Arresting Gena is a 1997 American crime drama film written and directed by Hannah Weyer and starring Aesha Waks, Summer Phoenix, J. Smith-Cameron, and Sam Rockwell. It premiered in competition at the 1997 Sundance Film Festival.

Arresting Gena
Directed byHannah Weyer
Written byHannah Weyer
Produced by
CinematographyElliot Rockett
Edited byMeg Reticker
Music byPat Irwin
Release date
  • January 24, 1997 (1997-01-24) (Sundance)
Running time
90 minutes[1]
CountryUnited States

Premise Edit

During the summer before her senior year of high school, 16-year-old Gena's life is abruptly changed when her mother falls into a coma and is put in the hospital. In the meantime, she goes to live with her Uncle John, whom she does not have much of a relationship with. She meets Jane, a charismatic runaway, and the two become friends. Gena is drawn into Jane's world, which includes Gena's older brother Sonny, who is also a petty criminal. Soon the girls find themselves caught up in Sonny's dealing with a local gang leader, Sugar.

Cast Edit

Production Edit

Director Hannah Weyer attracted attention in 1995 with her New York University MFA thesis film, The Salesman and Other Adventures, which won the Best Short prize at the Sundance Film Festival in 1995.[2] Following this, she began work on Arresting Gena, with the intention of screening it at Sundance.[2] The script was workshopped at the Sundance Filmmakers' Lab in June 1995.[2]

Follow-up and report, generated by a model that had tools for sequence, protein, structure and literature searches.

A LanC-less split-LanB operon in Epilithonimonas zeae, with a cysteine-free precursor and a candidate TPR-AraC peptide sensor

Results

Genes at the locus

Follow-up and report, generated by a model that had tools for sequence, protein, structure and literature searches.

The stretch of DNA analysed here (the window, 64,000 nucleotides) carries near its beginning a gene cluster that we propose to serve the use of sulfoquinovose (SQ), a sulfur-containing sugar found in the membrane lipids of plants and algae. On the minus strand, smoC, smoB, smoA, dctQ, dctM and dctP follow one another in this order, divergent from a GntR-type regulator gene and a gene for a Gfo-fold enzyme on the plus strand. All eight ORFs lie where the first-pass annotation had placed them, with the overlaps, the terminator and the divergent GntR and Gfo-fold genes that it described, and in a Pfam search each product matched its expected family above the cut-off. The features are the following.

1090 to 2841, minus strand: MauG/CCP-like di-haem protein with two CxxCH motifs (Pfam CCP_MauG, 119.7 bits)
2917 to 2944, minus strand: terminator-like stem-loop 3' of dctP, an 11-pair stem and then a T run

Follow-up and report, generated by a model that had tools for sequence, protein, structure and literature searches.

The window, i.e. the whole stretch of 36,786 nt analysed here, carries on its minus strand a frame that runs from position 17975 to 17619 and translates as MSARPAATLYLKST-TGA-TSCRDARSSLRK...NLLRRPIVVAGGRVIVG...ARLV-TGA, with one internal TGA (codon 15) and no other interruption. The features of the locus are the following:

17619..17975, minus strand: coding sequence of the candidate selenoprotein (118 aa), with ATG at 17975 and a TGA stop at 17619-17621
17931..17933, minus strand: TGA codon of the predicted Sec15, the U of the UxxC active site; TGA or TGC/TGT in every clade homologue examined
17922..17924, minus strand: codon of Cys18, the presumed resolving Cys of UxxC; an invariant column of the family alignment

Actress Aesha Waks was cast in the lead role following a two-month video submission audition process. Filming occurred in New Jersey.[2]

Release and reception Edit

Arresting Gina premiered in competition at the Sundance Film Festival on January 24, 1997.[1][3] It was expected to perform well there,[4] with Filmmaker commenting it had "a nuanced script [that] explores the obsessive devotion of teenage girls and the societal pressures that pull them apart. Its locale feels genuine and the work seems to come from an honest emotional place."[5] However, it received a mixed reaction at the festival and was not able to secure a distribution deal.[5]

In a Variety review, critic Emanuel Levy described Arresting Gena as a "frustrating, misconceived effort to illuminate the painful coming of age of its protagonist, a sensitive girl unwillingly pushed into a sleazy world of crime."[1] Levy said the film's "most congenial scenes, which enjoy only brief screen time, are those depicting Gena’s romantic and sexual awakening. There are also some achingly touching moments in the interactions between Jane and Sonny, siblings realizing they can neither help nor rely on each other," but said, "lacking a third act, [the film] has an abrupt, unsatisfying denouement", and that "Gena's character remains an enigma."[1]

In contrast, Lisa Alspector of the Chicago Reader wrote, "Writer-director Hannah Weyer keeps control of the extreme being convincing with the quieter ones, and we get to know Gena well enough to accept the shifts in tone when she and Jane tangle with an undercover police officer or when she confronts Sonny after Jane disappears."[6] Alspector concluded, "Weyer's portrait makes believable and comprehensible some apparently self-destructive things this teenager does in pursuit of thrills and emotional connections.[2]

References Edit

  1. ^ a b c d Levy, Emanuel (9 February 1997). "Arresting Gena". Variety. Retrieved 2019-04-13.
  2. ^ a b c d e "Fall 1996: Production Update". Filmmaker Magazine.
  3. ^ Caro, Mark (February 2, 1997). "Sundance Doesn't Shine". Chicago Tribune. Archived from the original on April 13, 2019. Retrieved 2019-04-13.
  4. ^ "Surprises goose Sundance". Variety. January 13, 1997. Retrieved November 30, 2022 – via The Free Library.
  5. ^ a b "Festival Roundup". Filmmaker Magazine. 1997.
  6. ^ Alspector, Lisa (26 October 1985). "Arresting Gena". Chicago Reader. Retrieved 2022-11-30.

External links Edit